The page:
A change in Illinois law aims to improve how police respond to sexual assault allegations by requiring officers undergo new training to improve sensitivity toward victims and learn about trauma.
The law also requires police take reports for every allegation, no matter how much time has passed or what jurisdiction it falls under, the Chicago Tribune reported.
Advocates and law enforcement officials said fear and doubt often deter victims from reporting assaults, with as few as 1 in 5 rapes being reported.
"We are not asking police officers to be social workers," said Polly Poskin, executive director of the Illinois Coalition Against Sexual Assault. "We are asking police officers to be good investigators — which is, 'Tell me more.'"
The law's new reporting requirements took effect last year. Training is already underway for recruits in Chicago. Officers investigating sex crimes are expected to be trained within the next two years.
The U.S. Department of Justice criticized the Chicago Police Department last year for inadequately preparing officers who investigate sex crimes.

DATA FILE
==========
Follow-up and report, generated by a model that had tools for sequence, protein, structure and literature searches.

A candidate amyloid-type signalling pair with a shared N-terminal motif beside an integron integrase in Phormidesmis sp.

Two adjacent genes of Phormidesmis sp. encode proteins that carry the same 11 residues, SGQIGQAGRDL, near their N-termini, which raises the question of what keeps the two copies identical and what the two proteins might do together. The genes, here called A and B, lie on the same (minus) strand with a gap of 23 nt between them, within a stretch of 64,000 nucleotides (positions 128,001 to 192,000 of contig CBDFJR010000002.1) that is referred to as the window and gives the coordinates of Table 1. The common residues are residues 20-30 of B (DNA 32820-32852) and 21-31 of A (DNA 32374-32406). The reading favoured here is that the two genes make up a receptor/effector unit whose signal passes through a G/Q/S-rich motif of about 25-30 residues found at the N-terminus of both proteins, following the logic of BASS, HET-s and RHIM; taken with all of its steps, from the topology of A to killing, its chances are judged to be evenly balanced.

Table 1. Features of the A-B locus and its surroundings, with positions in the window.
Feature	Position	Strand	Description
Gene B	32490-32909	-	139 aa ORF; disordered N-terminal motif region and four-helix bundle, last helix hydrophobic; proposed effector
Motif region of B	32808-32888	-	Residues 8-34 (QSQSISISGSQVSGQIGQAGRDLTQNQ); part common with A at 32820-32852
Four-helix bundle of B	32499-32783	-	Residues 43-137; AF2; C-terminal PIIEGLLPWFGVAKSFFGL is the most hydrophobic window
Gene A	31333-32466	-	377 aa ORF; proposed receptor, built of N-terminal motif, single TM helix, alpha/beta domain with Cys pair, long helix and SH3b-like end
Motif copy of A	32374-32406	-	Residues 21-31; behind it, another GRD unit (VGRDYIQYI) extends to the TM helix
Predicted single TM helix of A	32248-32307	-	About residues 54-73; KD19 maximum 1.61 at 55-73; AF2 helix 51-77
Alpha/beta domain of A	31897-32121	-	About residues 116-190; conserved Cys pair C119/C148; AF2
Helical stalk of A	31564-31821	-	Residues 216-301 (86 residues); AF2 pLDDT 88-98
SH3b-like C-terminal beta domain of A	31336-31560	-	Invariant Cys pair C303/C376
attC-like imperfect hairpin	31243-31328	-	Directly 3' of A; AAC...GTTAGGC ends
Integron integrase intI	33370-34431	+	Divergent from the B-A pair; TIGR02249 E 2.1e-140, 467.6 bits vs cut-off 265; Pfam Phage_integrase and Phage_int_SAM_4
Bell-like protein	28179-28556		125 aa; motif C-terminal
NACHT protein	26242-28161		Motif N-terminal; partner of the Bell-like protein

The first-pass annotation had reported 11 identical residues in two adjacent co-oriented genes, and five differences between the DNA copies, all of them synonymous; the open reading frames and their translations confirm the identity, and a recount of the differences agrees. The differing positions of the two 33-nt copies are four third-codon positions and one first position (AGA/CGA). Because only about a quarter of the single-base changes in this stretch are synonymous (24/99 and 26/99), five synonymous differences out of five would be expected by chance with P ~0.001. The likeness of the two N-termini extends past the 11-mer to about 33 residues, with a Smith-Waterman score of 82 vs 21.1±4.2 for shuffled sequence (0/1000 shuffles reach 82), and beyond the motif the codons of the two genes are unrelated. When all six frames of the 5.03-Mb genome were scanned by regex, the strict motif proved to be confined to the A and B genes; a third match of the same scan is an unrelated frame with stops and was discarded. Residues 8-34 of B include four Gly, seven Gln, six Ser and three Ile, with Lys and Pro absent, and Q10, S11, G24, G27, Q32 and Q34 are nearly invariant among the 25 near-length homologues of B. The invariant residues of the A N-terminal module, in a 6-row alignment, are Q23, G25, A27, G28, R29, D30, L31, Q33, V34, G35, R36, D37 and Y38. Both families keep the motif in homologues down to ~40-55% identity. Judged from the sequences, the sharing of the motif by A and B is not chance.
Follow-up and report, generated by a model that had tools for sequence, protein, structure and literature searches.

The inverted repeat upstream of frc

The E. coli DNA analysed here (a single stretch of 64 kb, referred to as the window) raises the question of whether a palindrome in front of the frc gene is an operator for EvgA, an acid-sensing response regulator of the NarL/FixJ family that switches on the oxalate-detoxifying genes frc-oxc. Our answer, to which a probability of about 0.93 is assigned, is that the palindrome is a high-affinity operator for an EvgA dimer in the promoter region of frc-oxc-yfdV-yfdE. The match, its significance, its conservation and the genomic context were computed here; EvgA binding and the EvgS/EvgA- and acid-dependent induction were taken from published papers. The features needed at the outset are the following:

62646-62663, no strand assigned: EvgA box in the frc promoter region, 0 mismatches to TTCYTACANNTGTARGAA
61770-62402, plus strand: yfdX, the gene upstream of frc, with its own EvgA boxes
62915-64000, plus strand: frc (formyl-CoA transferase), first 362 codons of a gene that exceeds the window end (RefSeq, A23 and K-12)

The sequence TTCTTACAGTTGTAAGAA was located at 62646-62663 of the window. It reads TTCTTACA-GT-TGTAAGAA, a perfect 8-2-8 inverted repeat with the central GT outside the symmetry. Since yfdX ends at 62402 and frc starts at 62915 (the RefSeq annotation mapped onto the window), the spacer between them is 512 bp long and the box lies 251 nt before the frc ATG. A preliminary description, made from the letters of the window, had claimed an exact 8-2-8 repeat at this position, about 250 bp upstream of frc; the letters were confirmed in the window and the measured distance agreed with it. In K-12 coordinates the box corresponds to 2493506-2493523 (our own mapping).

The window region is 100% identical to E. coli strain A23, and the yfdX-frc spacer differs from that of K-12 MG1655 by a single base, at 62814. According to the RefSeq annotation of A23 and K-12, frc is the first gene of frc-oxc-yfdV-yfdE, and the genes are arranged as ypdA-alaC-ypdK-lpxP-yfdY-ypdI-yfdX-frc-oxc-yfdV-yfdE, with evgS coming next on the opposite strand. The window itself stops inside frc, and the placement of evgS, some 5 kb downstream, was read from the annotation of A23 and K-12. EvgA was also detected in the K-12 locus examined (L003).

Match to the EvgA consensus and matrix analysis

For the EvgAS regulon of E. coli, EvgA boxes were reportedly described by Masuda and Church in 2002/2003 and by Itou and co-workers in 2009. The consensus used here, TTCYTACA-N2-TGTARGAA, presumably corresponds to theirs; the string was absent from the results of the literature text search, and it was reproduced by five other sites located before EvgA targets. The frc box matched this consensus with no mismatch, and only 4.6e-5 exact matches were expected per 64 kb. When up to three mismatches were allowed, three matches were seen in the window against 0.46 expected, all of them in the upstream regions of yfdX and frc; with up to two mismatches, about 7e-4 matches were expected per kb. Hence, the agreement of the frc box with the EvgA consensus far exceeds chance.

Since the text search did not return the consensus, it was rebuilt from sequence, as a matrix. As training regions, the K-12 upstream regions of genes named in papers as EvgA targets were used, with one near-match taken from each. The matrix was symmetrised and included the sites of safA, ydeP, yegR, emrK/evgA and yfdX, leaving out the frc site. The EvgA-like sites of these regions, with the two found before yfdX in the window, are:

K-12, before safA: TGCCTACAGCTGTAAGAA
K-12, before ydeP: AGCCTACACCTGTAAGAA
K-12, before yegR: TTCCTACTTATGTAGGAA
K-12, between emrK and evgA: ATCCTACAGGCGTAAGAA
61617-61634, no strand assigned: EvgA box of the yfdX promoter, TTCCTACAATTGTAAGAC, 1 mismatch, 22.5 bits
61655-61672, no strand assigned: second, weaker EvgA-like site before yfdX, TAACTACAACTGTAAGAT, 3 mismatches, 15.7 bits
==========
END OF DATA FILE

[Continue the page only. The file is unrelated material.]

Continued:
"Survivors of criminal sexual assault and sexual violence deserve to be treated with respect and dignity as they pursue justice and attempt to seek some level of closure," the department said in a statement. "The goal of these classes is to provide police officers with the most up-to-date understanding of the impact sexual assault has on survivors to minimize any additional trauma associated with the investigatory and prosecutorial process."
The law also gives victims more time to tell police they want their rape kit tested. Victims previously had 14 days to make the decision but now have five years from the date of evidence collection or five years after they turn 18.